Massachusetts-based ceramics and fiber artist
McLaughlin’s study of ceramics began in high school but, at that time, was mainly focused on functional pottery. It wasn’t until she continued her study of the craft in college that she started to find deeper meaning in her work.
“I began thinking about my work in relation to my own personal history and experience,” she tells My Modern Met. “Once I did that, the materials and processes I was using in my studio practice started to hold huge conceptual weight; which [brought] me to the incorporation of fiber. It really came out of this need to add another layer to my work. At the time, I was doing a lot of research into craft traditions in Mexico and the history of those techniques. Clay and fiber have since become a symbol of how my life was shaped by a collision of two cultures.”
Though the functionality of her pieces has been eliminated by incorporating the thread, utilizing the string brings elements of movement and life to the otherwise rigid and static objects. The pieces of their forms are essentially removed from their conventional use and are forced to engage in a new role—which invites myriad interpretations.
“In the end, my work serves as a way to explore and pay tribute to the traditions of womanhood in the Mexican culture—through a contemporary expression true to my own identity,” McLaughlin explains. “My life looks very different from what can be seen as traditional but that doesn’t mean I reject those values. My grandmother and mother have made huge efforts in order for me to experience my culture and heritage. They, as the women who raised me, are the biggest influences on my creativity and drive. Although we may not see eye to eye at times, we are all grounded in our cultural roots.”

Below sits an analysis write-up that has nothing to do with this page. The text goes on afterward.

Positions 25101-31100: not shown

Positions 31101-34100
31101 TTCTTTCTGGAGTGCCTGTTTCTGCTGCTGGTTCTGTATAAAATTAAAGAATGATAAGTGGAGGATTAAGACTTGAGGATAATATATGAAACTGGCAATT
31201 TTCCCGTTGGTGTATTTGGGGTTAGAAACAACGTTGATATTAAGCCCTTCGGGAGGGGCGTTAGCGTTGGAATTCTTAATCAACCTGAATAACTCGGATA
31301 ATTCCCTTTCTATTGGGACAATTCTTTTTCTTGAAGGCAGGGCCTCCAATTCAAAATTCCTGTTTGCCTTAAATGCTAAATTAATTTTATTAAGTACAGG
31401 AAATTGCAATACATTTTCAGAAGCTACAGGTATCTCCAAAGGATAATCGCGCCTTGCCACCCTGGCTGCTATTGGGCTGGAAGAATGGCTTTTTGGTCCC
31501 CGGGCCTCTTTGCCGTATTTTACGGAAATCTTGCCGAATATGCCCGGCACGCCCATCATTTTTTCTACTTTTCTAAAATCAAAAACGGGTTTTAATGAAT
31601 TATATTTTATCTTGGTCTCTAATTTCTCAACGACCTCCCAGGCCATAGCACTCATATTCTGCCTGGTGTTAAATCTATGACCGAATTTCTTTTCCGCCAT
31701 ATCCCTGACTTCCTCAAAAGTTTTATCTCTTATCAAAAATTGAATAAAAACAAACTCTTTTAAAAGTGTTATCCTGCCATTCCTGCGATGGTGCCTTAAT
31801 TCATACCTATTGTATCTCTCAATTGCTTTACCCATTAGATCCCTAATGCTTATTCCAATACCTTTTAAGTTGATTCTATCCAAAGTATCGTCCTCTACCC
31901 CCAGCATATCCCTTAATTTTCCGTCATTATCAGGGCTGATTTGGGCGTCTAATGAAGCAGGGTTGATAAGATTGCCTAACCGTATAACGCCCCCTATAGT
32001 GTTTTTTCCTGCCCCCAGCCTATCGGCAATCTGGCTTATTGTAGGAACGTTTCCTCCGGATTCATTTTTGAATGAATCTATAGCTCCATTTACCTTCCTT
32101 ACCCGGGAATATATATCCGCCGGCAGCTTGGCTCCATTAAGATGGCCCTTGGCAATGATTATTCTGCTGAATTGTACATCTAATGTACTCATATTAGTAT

Massachusets-based artist Nicole McLaughlin combines ceramics and thread to create beautiful sculptural installations.
She uses her artwork as a way to explore the complexities of her dual Mexican and American heritage.
Using her ceramic and fiber creations, McLaughlin strives to “pay tribute to the traditions of womanhood in the Mexican culture” through her personal lens.